• Owen Deakin

    I had a my book live with feature manager installed (where to get it http://highlevelbits.free.fr/index.php?option=com_content&view=article&id=606&Itemid=81&lang=en) and looked at this tutorial. then follow step 2 Then because it used linux like this i used putty again and installed java (how to install java http://www.wikihow.com/Install-Java-on-Linux ) ( follow option Ubuntu OpenJDK Method Using a Console then on step 2 use the server option then follow onscreen instructions) then you can do step 3 it takes a while (this is when i am typing this). If you type in the ip address of the mybooklive on your network (while you are on the network) after it has finished you will join. if you want other people to join you will have to port foward yourself. Use port 25565 when port fowarding unless you changed it then your the port you chosed.

  • Mike

    This article was great and I was up and running last night. Since I’m not using screen, of course, it shut down when I closed putty. Today, when I issue the ‘sudo java -Xmx512M…’ command, it tells me I don’t have enough RAM and maybe it’s running on the port already. I’ve rebooted the instance, but I still get the message. I changed the 512 to 256 and still get the message. What have I missed?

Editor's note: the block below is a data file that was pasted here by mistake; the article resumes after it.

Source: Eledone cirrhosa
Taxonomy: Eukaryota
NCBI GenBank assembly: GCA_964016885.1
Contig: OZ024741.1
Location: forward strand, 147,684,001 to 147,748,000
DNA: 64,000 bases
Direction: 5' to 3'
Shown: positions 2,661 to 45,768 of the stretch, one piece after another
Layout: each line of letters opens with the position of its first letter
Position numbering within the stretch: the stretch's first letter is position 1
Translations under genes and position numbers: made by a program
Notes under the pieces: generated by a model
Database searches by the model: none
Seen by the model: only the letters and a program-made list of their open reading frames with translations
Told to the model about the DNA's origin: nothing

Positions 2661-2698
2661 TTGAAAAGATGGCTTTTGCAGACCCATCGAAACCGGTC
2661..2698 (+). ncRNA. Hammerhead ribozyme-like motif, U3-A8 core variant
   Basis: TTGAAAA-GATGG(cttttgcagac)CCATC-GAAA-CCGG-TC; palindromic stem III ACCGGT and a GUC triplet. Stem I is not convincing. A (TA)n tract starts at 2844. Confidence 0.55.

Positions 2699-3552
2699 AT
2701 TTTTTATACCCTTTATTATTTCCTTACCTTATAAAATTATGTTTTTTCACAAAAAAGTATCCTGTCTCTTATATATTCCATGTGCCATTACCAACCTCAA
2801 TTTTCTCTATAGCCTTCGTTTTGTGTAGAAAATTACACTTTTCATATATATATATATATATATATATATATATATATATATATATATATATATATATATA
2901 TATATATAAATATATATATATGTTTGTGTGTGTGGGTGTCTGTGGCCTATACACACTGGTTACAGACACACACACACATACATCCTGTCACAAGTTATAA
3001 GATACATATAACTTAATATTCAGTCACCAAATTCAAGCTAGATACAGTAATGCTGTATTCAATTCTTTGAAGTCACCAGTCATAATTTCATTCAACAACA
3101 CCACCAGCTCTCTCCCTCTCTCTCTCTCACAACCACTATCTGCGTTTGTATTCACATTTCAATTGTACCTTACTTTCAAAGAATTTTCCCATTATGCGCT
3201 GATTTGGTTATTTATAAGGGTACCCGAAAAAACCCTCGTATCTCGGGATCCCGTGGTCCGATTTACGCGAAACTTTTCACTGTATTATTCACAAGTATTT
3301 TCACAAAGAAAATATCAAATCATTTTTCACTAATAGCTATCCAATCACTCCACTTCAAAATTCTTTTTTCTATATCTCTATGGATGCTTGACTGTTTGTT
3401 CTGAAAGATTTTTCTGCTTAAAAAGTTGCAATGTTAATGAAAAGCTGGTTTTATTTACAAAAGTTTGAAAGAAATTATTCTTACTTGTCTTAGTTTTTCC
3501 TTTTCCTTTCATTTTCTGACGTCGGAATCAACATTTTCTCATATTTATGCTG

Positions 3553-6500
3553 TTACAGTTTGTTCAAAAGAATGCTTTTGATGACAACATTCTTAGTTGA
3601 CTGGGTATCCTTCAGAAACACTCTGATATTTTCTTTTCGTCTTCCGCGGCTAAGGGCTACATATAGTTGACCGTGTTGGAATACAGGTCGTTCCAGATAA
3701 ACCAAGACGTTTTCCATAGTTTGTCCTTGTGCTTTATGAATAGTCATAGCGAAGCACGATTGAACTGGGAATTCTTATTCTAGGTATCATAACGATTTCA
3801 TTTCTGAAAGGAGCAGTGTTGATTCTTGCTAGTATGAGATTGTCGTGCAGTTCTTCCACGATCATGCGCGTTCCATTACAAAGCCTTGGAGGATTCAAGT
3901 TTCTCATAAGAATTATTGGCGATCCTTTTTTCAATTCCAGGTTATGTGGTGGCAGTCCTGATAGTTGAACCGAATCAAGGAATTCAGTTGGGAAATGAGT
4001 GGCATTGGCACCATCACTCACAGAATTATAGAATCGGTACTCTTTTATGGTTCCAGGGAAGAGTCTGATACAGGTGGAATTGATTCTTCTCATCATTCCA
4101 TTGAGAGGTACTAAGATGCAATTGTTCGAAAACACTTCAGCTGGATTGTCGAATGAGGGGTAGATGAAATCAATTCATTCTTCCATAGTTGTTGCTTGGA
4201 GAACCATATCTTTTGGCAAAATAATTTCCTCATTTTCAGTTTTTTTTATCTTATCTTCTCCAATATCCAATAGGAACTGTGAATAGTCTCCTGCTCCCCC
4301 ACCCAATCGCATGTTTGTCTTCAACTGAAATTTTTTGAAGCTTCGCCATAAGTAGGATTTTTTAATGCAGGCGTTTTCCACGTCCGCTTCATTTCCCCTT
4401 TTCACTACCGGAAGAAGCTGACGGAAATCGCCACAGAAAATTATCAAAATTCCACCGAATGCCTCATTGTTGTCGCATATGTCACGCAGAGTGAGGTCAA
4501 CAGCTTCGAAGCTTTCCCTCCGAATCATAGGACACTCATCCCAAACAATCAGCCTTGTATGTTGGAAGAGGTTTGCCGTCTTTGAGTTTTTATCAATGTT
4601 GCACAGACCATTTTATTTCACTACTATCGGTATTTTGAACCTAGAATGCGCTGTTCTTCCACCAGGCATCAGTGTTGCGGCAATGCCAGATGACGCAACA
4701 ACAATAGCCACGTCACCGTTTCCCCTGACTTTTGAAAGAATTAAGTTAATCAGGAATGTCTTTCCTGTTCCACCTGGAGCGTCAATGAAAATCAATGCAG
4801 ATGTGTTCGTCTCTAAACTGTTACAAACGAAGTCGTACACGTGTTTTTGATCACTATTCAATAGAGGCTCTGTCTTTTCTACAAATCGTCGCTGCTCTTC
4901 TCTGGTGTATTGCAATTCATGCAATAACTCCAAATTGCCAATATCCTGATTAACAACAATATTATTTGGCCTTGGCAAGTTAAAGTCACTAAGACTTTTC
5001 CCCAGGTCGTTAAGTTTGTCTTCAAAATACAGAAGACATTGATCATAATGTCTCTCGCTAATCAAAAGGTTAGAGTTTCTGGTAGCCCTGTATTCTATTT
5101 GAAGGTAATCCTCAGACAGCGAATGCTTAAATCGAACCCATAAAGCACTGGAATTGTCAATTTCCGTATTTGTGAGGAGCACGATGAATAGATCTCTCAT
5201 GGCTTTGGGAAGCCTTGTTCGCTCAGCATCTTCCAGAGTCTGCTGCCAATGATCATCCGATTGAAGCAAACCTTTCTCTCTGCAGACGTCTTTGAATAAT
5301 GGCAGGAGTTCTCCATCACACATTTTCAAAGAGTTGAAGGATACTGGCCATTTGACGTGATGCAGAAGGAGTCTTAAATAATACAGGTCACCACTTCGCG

• Mike

      Apparently I “did something”, lol. Since we hadn’t built anything in the world yet, I just deleted the minecraft directory and repeated steps 2&3 above. It was okay, thereafter. I just used vi to make my edits to things like server.properties and the white-list and there were no issues.

  • I’ve been looking for a way for me and a couple of friends to play Minecraft together on the cheap. Thanks for putting this together. I’ll be trying this week to get this together.

  • Peter

    Many, many thanks. I’ve a twelve year old wanting a Minecraft server, your explanation was great. Now she’s asking about configurations, so I’m looking forward to a future article. In the mean time I found a couple of things that might help others;

    1. If you are on Mac, like me, you won’t have Putty. Instead I used FireSSH a Firefox plugin. It seemed simpler to use and worked well. (If people aren’t familiar with Putty its probably an easier option on the PC)

    2. Found a page about Screen and Minecraft and worked out starting your setup under screen was:

    > sudo screen -dmS minecraft java -Xms1024M -Xmx1024M -jar minecraft_server.jar nogui